It’s getting crowded in B.C.’s rapidly growing stable of tech companies that have hit unicorn status in 2021.
Visier Inc. announced Tuesday the close of a US$125-million Series E funding round that now places the Vancouver-based software firm's valuation beyond the $1-billion mark.
It’s the sixth B.C. tech company to publicly acknowledge becoming a unicorn since the start of the year
Visier is best known for specializing in software dedicated to workforce analytics, and chief strategy officer Dave Weisbeck said hiring additional workers of its own is the top priority as it seeks to expand.
“I think we have an unfair advantage in that we can use our own technology for our benefit for hiring in Vancouver,” he told BIV.
“There'll be some international expansion, investments in the product and technology, investments in sales, across the board.”
The plan is to expand its current roster of 500 people by about 100 additional workers over the next 12 months.
And it will be joining an ever-expanding cohort of unicorns building up B.C.’s base of anchor companies.
Trulioo Information Services Inc., Galvanize (ACL Services Ltd.), GeoComply Solutions Inc., Thinkific Labs Inc. and Clio (Themis Solutions Inc.) all attained $1-billion valuations in 2021 either through acquisition, securing additional venture capital or else by going public.
Dapper Labs Inc. has not publicly revealed a valuation, but media reports and the sheer size of its US$305-million raise back in March suggest the Vancouver-based non-fungible token (NFT) firm is now a unicorn.
“It's really important that we have the technology companies in Vancouver that can attract, and grow and develop talent here,” Weisbeck said.
“That's a huge boon for the city and ... I hope Visier can contribute not only to developing that talent, but the next generation of talent as well.”
David Raffa, president of Valeo Corporate Finance Ltd., said the local tech ecosystem is benefitting from private equity firms swimming in cash amid the pandemic, while credit markets are wide open and interest rates are at record lows.
“You build a dam dependent on a river and the water is piling up, piling up, piling up. Then the dam bursts. And so that’s what happened,” Raffa, whose Vancouver-based firm provides services for mergers and acquisitions and initial public offerings, told BIV in April.
Access to top-tier universities and the large talent pool paid in Canadian dollars at lower comparable salaries than their American counterparts have been particularly enticing, he added.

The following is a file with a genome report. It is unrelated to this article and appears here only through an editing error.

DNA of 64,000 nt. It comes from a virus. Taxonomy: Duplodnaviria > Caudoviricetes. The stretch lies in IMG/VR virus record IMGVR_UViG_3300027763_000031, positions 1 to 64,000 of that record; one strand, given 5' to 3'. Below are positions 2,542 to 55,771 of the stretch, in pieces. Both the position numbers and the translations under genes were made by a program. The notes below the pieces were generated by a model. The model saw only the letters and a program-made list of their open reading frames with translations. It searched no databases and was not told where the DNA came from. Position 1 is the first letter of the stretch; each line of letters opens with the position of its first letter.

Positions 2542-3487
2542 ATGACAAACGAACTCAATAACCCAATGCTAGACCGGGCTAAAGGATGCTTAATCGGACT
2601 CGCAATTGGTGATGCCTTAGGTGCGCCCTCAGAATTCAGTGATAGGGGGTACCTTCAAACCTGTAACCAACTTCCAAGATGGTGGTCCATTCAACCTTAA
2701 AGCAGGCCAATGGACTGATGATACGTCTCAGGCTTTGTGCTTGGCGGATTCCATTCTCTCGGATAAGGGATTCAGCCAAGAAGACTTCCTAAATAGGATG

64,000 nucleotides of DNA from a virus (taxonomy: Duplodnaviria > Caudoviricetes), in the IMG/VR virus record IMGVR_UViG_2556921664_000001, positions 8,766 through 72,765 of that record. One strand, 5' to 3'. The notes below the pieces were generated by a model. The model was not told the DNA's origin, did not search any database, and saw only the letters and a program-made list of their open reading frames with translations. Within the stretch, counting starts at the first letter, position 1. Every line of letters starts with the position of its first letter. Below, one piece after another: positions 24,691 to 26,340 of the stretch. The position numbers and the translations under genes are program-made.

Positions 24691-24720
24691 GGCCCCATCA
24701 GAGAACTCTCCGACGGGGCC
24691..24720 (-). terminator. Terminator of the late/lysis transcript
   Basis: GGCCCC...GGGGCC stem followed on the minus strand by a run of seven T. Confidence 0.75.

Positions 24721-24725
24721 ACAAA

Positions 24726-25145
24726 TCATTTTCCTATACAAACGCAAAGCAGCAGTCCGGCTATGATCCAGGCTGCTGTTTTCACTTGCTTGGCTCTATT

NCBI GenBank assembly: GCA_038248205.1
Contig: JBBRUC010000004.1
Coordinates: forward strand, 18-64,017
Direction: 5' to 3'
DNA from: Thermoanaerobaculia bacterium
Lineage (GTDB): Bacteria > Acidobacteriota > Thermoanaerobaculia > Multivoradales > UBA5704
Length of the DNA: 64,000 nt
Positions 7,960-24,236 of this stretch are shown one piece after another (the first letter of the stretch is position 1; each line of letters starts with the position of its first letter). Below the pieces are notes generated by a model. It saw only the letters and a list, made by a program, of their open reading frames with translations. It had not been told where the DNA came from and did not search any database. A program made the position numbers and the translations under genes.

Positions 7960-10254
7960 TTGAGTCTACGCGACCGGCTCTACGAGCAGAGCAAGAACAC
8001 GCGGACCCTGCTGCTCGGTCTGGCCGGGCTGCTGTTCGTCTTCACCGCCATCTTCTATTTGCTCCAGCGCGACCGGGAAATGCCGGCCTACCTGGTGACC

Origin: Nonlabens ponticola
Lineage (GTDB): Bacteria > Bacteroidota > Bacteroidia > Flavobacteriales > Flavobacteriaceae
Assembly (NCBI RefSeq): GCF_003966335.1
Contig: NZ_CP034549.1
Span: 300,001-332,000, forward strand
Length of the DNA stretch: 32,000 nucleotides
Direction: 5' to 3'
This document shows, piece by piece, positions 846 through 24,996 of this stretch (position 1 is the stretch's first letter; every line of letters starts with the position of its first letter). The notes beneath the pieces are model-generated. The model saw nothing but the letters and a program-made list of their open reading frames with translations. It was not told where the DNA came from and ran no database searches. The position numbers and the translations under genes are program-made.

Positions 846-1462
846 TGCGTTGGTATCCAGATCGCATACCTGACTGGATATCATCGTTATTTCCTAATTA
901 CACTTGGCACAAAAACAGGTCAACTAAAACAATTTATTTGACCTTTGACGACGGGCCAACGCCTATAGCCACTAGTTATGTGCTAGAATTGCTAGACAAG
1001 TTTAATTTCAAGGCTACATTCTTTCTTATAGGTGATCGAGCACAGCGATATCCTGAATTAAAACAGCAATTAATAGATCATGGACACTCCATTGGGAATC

Brent Holliday, CEO of Vancouver-based Garibaldi Capital Advisors Ltd., said the local tech sector had been held back to a certain degree in years past owing to the lack of available talent in the city.
“Getting big financings in companies like Hootsuite [Inc.], BuildDirect [.com Technologies Inc.], etc., 10 years ago helped fuel a broader talent pool we have,” he told BIV in May.
Meanwhile, Visier boasts having processed 12 million employee records, while also recently passing the 8,000-customer mark. Adobe Inc. (Nasdaq:ADBE), Uber Technologies Inc. (NYSE:UBER) and Electronic Arts Inc. (Nasdaq:EA) are all among Visier's customers.
Weisbeck said the past year-plus has seen major shakeups for businesses that have been tapping workplace analytics tools. Companies have had to navigate the rapid adoption of remote working as well as face pressure from employees urging better diversity and inclusion practices amid the Black Lives Matter movement.
“We've suddenly gone from something where we were very important to the organization to [where] we were absolutely mission critical because of these issues that have now become board-level discussions,” he said.
“The long tail of that will continue as people get more and more passionate now as we think about return to work. Are we going back offices? Are we staying remote? Are we living in a hybrid world?”
Many experts are also predicting a significant amount of turnover in the coming months as the economy reopens and people feel more certain about job prospects or else have reconsidered their own career goals during the pandemic.
“So these are ongoing issues we're going to have to help people with,” Weisbeck said.
Visier’s Series E funding round was led by Goldman Sachs Asset Management with participation from Sorenson Capital, Foundation Capital, Summit Partners, and Adams Street Partners.
The latest raise brings its total funding to US$219.5 million.